One of the smells of youth that sticks strongest in my memory is that of the dingy old carpet in our living room. That’s where I spent hours sprawled with baseball cards, magazines, and newspapers surrounding me. I poured over statistics, compared them to history, projected career totals in my head for even the most obscure players.
So the days before the NFL or Major League Baseball are like an extra holiday, when sports writers analyze stats like OPS+, RBIs, and on-base percentage beyond any reasonable degree. So today, as baseball announces it’s new Hall of Fame class, I will indulge myself a few paragraphs to talk about a couple flaws in how we rank our sporting greats.
When writers consider potential Hall of Famers, there are some dubious credentials that get batted around as meaningful. Like baseball All-Star selections. Why is it meaningless? Because you either get voted into the game by fans (who vote on reputation or flash), get selected by the manager (more valid), or you are the one guy from every team that has to be selected (hence, Jeremy Burnitz has appeared in an All-Star game). Another overplayed baseball stat? MVP awards and top-10 finishes in MVP balloting. In baseball, they select two MVPs each year, one for each league. So you may have been the 20th best player in the league in a given year, but because you received the 10th most votes in the American League, it’s counted as a top-10 finish.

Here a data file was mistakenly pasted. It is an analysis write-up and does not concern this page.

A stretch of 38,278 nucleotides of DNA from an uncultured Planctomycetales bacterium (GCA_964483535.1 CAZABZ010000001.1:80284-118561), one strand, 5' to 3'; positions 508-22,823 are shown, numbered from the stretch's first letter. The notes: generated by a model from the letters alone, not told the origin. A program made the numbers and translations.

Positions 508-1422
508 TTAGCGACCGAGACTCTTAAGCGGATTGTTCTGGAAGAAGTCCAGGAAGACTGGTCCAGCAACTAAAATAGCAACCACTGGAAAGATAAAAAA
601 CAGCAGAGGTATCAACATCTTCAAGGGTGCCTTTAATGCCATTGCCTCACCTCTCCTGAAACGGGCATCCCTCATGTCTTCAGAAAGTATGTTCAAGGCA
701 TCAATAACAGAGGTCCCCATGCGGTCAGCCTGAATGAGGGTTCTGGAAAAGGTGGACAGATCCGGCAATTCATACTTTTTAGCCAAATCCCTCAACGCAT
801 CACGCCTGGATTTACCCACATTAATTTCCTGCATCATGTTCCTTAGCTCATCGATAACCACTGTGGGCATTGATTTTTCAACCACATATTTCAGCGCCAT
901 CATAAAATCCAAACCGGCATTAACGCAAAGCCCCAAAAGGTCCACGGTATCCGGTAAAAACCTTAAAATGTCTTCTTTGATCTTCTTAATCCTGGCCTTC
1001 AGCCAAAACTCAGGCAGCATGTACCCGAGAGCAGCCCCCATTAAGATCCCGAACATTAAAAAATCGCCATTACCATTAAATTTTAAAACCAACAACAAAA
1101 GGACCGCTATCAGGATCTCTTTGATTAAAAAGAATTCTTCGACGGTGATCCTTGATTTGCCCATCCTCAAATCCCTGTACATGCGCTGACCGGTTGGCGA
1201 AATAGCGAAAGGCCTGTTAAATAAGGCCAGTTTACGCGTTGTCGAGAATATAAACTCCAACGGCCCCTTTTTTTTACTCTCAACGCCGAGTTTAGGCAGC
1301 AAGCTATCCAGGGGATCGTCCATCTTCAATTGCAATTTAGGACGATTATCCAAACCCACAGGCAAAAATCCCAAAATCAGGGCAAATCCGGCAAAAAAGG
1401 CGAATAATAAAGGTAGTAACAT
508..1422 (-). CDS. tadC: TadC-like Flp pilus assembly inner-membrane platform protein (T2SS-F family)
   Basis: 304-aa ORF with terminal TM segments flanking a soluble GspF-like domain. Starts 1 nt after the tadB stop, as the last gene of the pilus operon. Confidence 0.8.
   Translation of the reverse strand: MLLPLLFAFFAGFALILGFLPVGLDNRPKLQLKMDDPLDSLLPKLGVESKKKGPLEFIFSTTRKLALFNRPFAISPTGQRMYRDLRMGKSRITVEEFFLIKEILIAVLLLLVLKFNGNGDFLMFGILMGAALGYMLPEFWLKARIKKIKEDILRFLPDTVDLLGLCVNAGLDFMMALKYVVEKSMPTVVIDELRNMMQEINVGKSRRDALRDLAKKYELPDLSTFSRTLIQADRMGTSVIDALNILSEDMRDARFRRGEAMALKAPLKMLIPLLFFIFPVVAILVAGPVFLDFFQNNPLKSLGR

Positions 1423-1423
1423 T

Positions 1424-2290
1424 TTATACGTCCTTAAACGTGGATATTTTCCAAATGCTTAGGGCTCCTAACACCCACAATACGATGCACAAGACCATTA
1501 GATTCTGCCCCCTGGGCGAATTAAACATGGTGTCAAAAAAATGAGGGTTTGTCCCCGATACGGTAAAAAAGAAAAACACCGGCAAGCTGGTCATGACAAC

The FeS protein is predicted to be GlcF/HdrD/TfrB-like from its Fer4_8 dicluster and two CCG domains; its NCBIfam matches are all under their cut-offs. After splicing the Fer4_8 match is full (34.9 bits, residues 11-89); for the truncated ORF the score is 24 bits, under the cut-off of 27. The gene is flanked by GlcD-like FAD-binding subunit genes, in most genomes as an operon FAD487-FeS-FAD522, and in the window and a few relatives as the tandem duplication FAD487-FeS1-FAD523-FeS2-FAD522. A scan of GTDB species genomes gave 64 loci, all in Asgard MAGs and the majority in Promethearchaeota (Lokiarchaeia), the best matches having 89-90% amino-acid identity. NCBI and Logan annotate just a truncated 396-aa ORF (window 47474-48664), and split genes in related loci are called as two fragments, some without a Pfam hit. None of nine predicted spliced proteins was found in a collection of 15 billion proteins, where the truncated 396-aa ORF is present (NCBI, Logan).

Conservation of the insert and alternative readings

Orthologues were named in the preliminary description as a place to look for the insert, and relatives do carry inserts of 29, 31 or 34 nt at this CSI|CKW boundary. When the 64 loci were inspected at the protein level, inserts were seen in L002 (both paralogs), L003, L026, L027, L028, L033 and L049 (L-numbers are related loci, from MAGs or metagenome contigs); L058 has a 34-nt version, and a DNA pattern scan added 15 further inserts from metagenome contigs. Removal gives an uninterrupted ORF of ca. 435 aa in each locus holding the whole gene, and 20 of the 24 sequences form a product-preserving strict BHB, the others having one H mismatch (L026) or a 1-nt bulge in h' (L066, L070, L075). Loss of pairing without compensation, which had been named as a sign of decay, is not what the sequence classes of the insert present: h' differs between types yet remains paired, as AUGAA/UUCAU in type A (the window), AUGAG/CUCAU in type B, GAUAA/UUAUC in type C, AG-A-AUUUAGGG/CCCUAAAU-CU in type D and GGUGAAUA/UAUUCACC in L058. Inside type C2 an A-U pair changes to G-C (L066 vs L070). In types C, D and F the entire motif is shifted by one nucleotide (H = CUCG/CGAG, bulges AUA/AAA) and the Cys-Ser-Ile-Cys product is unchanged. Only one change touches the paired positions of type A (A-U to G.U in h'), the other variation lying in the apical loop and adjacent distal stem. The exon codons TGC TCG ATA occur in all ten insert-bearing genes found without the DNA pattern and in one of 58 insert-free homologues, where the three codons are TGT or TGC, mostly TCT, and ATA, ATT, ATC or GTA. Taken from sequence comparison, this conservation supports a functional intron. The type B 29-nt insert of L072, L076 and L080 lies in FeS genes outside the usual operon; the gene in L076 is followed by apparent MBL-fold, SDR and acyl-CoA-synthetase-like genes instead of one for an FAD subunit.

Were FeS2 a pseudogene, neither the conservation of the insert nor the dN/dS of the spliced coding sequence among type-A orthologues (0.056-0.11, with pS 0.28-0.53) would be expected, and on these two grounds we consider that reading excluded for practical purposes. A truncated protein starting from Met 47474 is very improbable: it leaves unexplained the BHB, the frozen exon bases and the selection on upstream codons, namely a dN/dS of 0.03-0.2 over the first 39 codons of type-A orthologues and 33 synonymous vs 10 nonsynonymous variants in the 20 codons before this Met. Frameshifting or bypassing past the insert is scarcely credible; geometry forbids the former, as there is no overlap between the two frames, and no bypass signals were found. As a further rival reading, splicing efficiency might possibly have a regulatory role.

If football used the same setup, Brett Favre would have no less than six MVP trophies on his mantle, as he would have been the NFC choice in 2002 (when he finished 2nd to Rich Gannon), 2003 (when Peyton Manning and Steve McNair shared the award) 2007 (2nd to Tom Brady). But would Favre deserve to be called the MVP in 2007, when Brady was impossibly great?
In basketball, the incomparable career of Michael Jordan would have seemed even more dominant, as he would have added trophies in 1989 (2nd to Magic Johnson), 1993 (2nd to Charles Barkley), and 1997 (2nd to Karl Malone). That would give him eight MVP awards.
Only baseball chooses two MVPs (and two Cy Youngs, two Rookie of the Year winners, etc), making an argument for a player’s greatness seem weightier than it is (it’s surprising baseball’s owners don’t go to a single-winner system, since handing out two gives players more ammunition come contract time).
So if you’re a stat geek like myself, keep this in mind as the “experts” preach today.